Last week, the Massachusetts Supreme Judicial Court (SJC) highlighted the importance of grammar to contract interpretation, proving that disregard for our elementary school lessons when drafting agreements can lead to liability where it was not otherwise expected.
In DeWolfe v. Hingham Centre, Ltd., the defendants - a real estate agency and its broker - listed a certain property for sale, advertising the property as "zoned as Business B," and providing a copy of the relevant zoning ordinance at the property location. The plaintiff, who had been searching for a location to open a six-station hair salon, saw the defendants' listing for the subject property, as well as the zoning ordinance made available at the property. Because the operation of a hair salon would have been a permitted use at a property zoned as "Business B," the plaintiff made a written offer to purchase the property. Thereafter, the plaintiff executed the defendants' standard form purchase and sale agreement. The agreement contained the following clause, titled "Warranties and Representations":
"The BUYER acknowledges that the BUYER has not been influenced to enter into this transaction nor has he relied upon any warranties or representations not set forth or incorporated in this agreement or previously made in writing, except for the following additional warranties and representations, if any, made by either the SELLER or the Broker(s): NONE."
Shortly after the transaction closed, the plaintiff learned that the property was zoned as "Residential B," rather than "Business B," and that a six-station hair salon was not among the permitted uses of the property. The plaintiff sued the defendants, alleging misrepresentation and violation of the Massachusetts Consumer Protection Statute. The defendants, however, relied upon the "Warranties and Representations" clause in the purchase and sale agreement, arguing that the clause relieved them of any liability for prior misrepresentations.
The SJC disagreed. Turning to both the standard rules of contract interpretation and the standard rules of grammar, the SJC concluded that the clause permitted the plaintiff to rely upon prior written representations, made by either the seller or the broker, that were not set forth or incorporated in the agreement.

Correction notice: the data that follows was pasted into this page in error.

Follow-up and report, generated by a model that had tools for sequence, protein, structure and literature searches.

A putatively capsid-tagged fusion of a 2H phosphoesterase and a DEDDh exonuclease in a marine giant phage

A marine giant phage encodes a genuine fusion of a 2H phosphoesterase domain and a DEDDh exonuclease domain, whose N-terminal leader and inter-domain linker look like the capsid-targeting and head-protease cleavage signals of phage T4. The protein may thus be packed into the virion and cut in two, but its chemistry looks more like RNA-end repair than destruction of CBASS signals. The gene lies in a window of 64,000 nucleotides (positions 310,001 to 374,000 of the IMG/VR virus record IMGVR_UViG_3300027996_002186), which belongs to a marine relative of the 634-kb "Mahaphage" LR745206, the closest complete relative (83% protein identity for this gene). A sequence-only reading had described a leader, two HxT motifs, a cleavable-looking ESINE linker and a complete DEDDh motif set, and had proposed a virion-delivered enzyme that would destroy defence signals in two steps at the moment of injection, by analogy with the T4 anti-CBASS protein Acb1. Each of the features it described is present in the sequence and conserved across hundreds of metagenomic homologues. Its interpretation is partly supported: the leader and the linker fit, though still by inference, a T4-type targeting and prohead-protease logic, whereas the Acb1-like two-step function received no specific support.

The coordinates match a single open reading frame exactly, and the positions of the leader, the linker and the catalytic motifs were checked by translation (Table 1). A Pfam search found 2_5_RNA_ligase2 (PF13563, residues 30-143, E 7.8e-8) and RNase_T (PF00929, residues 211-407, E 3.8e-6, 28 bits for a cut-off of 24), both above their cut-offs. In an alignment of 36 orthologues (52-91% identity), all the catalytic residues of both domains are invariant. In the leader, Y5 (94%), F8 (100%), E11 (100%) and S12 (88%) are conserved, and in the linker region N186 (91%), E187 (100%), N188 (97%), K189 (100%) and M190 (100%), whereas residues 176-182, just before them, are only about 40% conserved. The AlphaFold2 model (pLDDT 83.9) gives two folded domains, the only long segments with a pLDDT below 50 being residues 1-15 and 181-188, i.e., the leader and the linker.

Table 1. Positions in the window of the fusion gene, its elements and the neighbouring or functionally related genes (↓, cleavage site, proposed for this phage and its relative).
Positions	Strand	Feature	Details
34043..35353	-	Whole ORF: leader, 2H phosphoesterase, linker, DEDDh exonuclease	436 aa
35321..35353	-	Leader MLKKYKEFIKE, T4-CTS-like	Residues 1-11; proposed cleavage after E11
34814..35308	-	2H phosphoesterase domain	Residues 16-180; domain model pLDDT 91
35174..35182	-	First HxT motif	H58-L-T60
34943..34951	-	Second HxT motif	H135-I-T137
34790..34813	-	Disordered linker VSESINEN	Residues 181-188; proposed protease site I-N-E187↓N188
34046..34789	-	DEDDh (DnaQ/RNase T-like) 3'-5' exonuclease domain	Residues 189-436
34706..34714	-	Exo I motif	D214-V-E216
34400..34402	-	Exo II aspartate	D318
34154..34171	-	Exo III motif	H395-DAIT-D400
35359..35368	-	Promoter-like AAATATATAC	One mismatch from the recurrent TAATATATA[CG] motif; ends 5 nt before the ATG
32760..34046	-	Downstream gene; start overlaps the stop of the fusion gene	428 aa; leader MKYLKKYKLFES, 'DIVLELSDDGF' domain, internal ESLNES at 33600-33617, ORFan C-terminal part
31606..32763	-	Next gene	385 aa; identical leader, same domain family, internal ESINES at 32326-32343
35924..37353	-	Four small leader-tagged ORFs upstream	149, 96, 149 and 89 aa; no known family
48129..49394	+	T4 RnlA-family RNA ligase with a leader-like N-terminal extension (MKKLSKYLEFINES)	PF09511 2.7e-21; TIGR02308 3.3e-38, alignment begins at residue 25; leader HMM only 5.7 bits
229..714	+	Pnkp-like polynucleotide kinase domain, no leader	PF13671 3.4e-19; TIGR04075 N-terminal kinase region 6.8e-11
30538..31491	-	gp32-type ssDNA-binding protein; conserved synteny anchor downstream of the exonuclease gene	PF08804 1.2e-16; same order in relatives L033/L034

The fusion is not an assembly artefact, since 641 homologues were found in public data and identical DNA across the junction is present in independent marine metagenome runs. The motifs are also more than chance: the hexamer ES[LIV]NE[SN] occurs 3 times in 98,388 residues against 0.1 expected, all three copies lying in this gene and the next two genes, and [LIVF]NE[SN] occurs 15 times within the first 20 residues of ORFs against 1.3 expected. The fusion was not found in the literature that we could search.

First, in applying standard rules of grammar, the SJC examined the phrase "nor has he relied upon any warranties or representations not set forth or incorporated in this agreement or previously made in writing." Specifically, the SJC focused on the adverb "not" as it appeared before two phrases linked by the conjunction "or," noting that under such circumstances, the word "not" is applied to both such phrases. Thus, the SJC interpreted the clause to mean that the buyer has not relied upon any warranties or representations that (1) were not set forth or incorporated in the agreement, and (2) were not previously made in writing. The defendants' representation that the property was zoned as "Business B" was not a representation set forth in the agreement, but it was previously made in writing. Because the representation did not meet both conditions, the clause did not preclude the plaintiff from relying upon it.
Moreover, the SJC noted that, to interpret the clause as preventing reliance on any representations that were not expressly contained in the agreement, regardless of whether those representations had been made in writing, would render the phrase "or previously made in writing" meaningless, because the clause would have the same meaning with or without that phrase. Because it is a basic rule of contract interpretation that every word be given effect whenever reasonably practicable, the SJC rejected this alternative interpretation.
Following this analysis, the SJC concluded that the clause did not shield the defendants from liability for the written misrepresentations made prior to execution of the purchase and sale agreement. Though it may well have been the defendants' intent to shield themselves from such liability, the language selected to accomplish that result, when closely scrutinized, failed to do so.
This case had commenced in November 2006. After more than six years of attorneys' fees and other litigation costs, including visits to the Massachusetts Appeals Court and the SJC, the defendants now face the possibility of a trial and a judgment against them. With the appropriate use of words and grammar and a strong understanding of the rules of contract interpretation, a well-drafted "Warranties and Representations" clause could have avoided this result.